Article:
There is considerable talk these days that HR does not deliver the value of its capability. Additional arguments include moving HR functions into Legal, Finance, and both internal and external Marketing/Communications.

Should HR functions be reassigned or defunded? Can HR deliver the value it is designed to provide?

The real question is whether HR has the time and resources necessary to respond to the strategic challenges in this unusual and highly competitive market. Today’s challenge is the job market and turnover. The pandemic is hopefully under control and economic recovery is moving forward. An obvious consequence of this recover includes the opportunity for employees to find jobs elsewhere.

  • Is it Management’s preference to decline knowing the real reasons for employees staying and quitting because they are otherwise busy?
  • Is it HR’s preference to decline knowing the real reasons for employees staying and quitting because they are too cozy with the state of chaos vacancies and turnover creates?
  • Does HR believe that building larger recruiting teams (to compensate for increasing turnover) makes them more valuable to the organization?
  • Is Management pursuing their own self-fulfillment by ordering solutions and providers that biases dictate?

Productivity, a financial measure, improves when organizational dollars produce more profit with the same or less expense. Productivity worsens when organizational dollars produce less profit with more expense.

Current trends show the competition for workers is escalating while the talent pool is shrinking. This intensifies an employee-in-control marketplace and places employers at risk of rising turnover costs. As workers leave their jobs, employers incur direct costs associated with separation, replacement, and training and indirect costs through decreased organizational performance.

Achieving business results in this intensely competitive employee marketplace demands that employers take measures to predict and prevent turnover. Implemented effectively, human capital costing, employee-centric research, and evidence-based intervention provides cost savings, and increases productivity.

Defunding is not the answer. We should rebuild HR instead Here’s how:

First and foremost, conduct a thorough assessment:

What is your current spending (budget) on recruiting for positions that are too often vacated? What are you currently spending (budgeting) for turnover? When an organization budgets 20 % for scrap, you get 20% scrap.  The same goes for turnover. Budget 30% turnover and you will get it, and more. Defund your budget. Know your costs and set responsible reductions for attraction and retention expenses.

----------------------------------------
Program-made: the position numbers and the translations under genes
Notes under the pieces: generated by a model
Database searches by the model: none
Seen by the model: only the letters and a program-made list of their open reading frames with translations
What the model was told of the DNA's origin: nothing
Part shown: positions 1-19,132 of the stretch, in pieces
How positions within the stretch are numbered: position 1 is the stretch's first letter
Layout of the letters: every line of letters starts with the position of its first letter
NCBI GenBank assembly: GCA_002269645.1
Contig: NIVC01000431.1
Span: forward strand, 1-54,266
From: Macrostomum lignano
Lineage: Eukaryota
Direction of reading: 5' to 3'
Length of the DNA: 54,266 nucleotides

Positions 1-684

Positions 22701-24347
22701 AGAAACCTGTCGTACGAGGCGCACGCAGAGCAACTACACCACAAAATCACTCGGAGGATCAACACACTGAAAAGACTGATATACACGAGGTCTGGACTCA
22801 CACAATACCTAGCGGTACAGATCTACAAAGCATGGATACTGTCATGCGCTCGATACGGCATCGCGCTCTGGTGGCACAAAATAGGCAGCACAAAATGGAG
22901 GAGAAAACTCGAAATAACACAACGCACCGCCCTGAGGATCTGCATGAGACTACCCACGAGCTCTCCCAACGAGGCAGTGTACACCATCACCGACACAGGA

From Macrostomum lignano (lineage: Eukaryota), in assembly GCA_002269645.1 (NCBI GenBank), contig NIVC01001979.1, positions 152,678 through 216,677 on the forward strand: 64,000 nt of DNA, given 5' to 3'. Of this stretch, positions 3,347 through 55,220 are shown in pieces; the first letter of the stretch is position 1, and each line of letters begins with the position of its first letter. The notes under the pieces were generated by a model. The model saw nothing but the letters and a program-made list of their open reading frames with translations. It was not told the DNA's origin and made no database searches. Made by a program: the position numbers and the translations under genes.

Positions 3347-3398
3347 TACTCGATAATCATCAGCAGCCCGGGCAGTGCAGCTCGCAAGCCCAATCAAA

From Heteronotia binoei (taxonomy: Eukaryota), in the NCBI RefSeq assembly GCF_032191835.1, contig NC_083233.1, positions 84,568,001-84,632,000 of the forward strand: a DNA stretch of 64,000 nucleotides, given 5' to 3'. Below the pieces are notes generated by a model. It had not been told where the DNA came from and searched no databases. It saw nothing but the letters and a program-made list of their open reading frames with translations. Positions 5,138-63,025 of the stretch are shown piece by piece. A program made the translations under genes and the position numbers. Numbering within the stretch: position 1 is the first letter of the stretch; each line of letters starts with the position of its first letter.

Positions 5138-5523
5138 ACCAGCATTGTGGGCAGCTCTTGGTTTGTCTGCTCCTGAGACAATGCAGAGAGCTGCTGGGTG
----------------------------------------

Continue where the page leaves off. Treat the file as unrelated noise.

Turnover is waste. Quit budgeting waste.

 

Learn from employees. Know the real reasons. What attracts them to your organization? What are the real reasons they intend to leave? What are the real reasons they actually leave? Properly conducted Recruitment Studies, Stay Interviews, and Exit Interviews map a productivity journey worth taking. Only when attraction and retention is well understood is a solution possible.

Secondly, organizations need to confront and accept change requirements:

Be wary of availability bias, self-serving bias, and confirmation bias. Just because the organization has a leadership development curriculum does not mean this is the correct solution for retention. Do not confuse availability with causality.

  • Just because you are an expert in compensation design does not mean you need to adjust compensation.
  • Just because your favorite media outlet, manager, or consultant says it is a generational problem, does not make it so.

Design the attraction and retention strategy based on responsible data provided by current and former employees, not some outside influence. The current and former employees are the experts. Employee “Best Practices” come from within.

Finally, move forward with a Just-In-Time (JIT) Solution Methodology

Know the business case for Attraction and Retention Management.

  • Employee recruitment and turnover costs are on the rise as an employee-in-control marketplace intensifies, making it critical for organizations to proactively understand the intents of the workforce and prevent turnover to protect profits.
  • As steps are taken to effectively understand potential and incumbent employees and predict turnover, organizations can accurately identify necessary solutions.

The value of data lies in identifying solutions for improvement. There are three internal actions essential to effectively retain employees.

  1. Management commitment: Systematic and durable change will not happen without it.
  2. Hold supervisors and managers, not HR, responsible and accountable for retention.
  3. Publicly communicate and share a plan that is monitored for accountability. The plan must establish objectives (action and outcome), identify person(s) responsible for doing what by when (i.e., the actual intervention), identify resource requirements to implement the intervention, monitor implementation, and communicate findings, actions, evaluation, and revisions.

Rebuilding the organization’s approach to employee attraction and retention is a hero’s journey. Will your organization embrace what it takes to survive the current tsunami of employee turnover?